Employer Resources

Workplace Diversity, the Definition

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A company that has workplace diversity is composed of employees with varying characteristics, such as race, language, education, personal upbringing, etc. Many businesses work to achieve this kind of environment because it’s beneficial—for the employers, the employees, and the company as a brand.

Types of Workplace Diversity

Race and ethnicity used to be the only spectrums considered when talking about workplace diversity. It has expanded to include more characteristics such as:

  • Sexual orientation
  • Age
  • Civil status
  • Income
  • Skills
  • Religion
  • Political beliefs
  • Language
  • Physical abilities and disabilities

Diversity and Inclusion (D&I)

The topic of workplace diversity is rarely discussed without inclusion. Diversity and inclusion (D&I) work hand-in-hand. It’s not enough to create a workplace with a diverse set of employees; you must also foster an environment of inclusion to reap the full benefits of diversity.

Inclusion doesn’t automatically follow within a diverse workplace, so, as a business owner, employer, or manager, you must actively make your employees feel valued and provide them opportunities to grow.

Benefits of a Diverse Workplace

A diverse and inclusive workplace gives companies a competitive edge, posing tangible benefits seen in improved company performance. Some reasons why companies are striving to expand diversity include:

Getting a Variety of Perspectives

Since a diverse workplace is made up of a mix of different characteristics, teams often present a variety of perspectives. This gives your company a richer pool of ideas, which is valuable during brainstorming and strategy-building.

This assortment of perspectives also opens opportunities for creativity, with employees becoming motivated to think outside the box.

Higher Employee Engagement

Diverse workplaces often see increased employee engagement. It’s simple: when employees feel included, they are more empowered to participate at work.

Boosted Sales and Revenues

Research shows that, thanks to increased creativity, higher employee engagement, and a rich variety of skills and experiences, companies with workplace diversity enjoy boosted profits at a higher percentage than the national average.

Reduced Employee Turnover

Employees who feel accepted and valued are less likely to leave, so diverse and inclusive workplaces usually see reduced employee turnover. Additionally, companies that promote the growth of their employees will have a higher retention rate than those that don’t.

Workplace diversity is a top priority for new hires, too. So this also results in a higher volume of better candidates.

Better Brand Reputation

Increasingly, people value diversity and responsibility, especially when it comes to brands that they support. Companies that have diverse workplaces show that they’re socially responsible, interesting, and relatable. This improved brand reputation can translate to a wider market.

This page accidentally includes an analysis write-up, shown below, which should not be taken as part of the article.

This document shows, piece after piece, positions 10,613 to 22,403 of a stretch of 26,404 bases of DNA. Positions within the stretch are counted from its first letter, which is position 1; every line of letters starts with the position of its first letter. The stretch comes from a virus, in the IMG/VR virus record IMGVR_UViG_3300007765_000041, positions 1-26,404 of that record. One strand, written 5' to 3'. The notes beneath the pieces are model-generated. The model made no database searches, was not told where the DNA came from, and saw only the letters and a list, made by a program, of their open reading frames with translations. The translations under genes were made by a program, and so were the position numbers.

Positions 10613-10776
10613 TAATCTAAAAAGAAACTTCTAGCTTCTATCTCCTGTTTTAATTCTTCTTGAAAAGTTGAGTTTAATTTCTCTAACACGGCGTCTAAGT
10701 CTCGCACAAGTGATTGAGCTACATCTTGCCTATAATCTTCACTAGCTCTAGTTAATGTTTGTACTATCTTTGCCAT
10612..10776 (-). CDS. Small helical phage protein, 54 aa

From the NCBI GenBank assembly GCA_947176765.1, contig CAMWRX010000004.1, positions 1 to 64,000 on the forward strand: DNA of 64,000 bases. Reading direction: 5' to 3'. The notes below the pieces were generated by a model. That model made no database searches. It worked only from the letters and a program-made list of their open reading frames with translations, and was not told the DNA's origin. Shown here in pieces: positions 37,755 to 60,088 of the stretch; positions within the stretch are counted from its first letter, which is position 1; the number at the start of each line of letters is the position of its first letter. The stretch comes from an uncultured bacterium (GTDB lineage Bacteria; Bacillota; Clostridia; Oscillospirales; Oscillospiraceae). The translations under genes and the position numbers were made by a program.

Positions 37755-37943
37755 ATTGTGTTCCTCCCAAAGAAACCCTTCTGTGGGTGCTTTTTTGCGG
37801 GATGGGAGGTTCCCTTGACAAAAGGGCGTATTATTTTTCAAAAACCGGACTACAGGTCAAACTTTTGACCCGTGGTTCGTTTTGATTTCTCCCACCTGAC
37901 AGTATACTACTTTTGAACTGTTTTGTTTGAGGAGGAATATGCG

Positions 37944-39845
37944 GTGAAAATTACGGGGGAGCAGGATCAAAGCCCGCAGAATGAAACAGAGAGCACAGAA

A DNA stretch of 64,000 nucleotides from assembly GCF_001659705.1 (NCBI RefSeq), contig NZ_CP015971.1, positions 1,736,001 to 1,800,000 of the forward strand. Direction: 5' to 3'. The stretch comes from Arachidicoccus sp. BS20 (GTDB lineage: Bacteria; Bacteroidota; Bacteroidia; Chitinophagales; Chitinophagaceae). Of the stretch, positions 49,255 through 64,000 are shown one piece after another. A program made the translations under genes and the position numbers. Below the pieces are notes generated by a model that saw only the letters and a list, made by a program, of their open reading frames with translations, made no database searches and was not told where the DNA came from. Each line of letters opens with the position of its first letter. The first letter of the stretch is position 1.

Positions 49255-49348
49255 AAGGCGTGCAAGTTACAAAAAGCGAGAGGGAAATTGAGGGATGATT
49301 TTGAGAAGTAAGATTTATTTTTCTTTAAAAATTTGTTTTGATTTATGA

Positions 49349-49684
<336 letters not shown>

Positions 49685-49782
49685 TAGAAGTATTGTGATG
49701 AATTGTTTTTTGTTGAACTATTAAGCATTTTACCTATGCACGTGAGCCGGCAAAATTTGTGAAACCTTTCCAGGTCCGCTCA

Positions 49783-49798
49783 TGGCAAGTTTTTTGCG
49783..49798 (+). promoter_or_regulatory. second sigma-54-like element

How to Foster Workplace Diversity

For workplace diversity to be the most beneficial, you must build an inclusive environment by choosing candidates fairly, creating relevant policies, keeping communication lines open, investing in employees, and proactively finding solutions to challenges.

Hire From Diverse Talent Pools

The first step in creating a diverse workplace is to hire a mix of employees with different characteristics. Enter the hiring process with the goal of making hiring decisions based on skills and team contribution—that is, hiring for the role itself, without any biases.

Create a D&I Strategy

Creating a D&I strategy can help guide your company and its employees to foster workplace diversity—it is, after all, a team effort. A good strategy includes policies for work-related interactions, recruitment, and evaluations. It should also include opportunities for sensitivity training, especially for hiring managers.

Promote Open Communication

Open communication encourages openness and understanding, which are important especially between people with different backgrounds. Open channels for connection, and make sure that your employees are comfortable with one another.

Invest in Your People

Investing in your employees proves that you value their unique contribution to your company and that you wish to see them grow. This can motivate them to do a better job and stay for the long haul.

Recognize and Work to Solve Challenges

Workplace diversity poses several challenges such as conflicting beliefs, discrimination, etc. But you can prevent these from becoming big issues by proactively finding solutions to them and creating policies to ensure that they don’t happen again.

Workplace Diversity Is Essential

In the 21st century, workplace diversity is not just a commercial fad—it’s a necessity that companies must work towards achieving. You can make this goal more attainable by actively looking for a mix of professionals that bring different backgrounds to the company and by fostering an inclusive workplace. 

The result is a positive working environment that translates into better productivity and growth across the board.  Learn more about transparency in business, the definition

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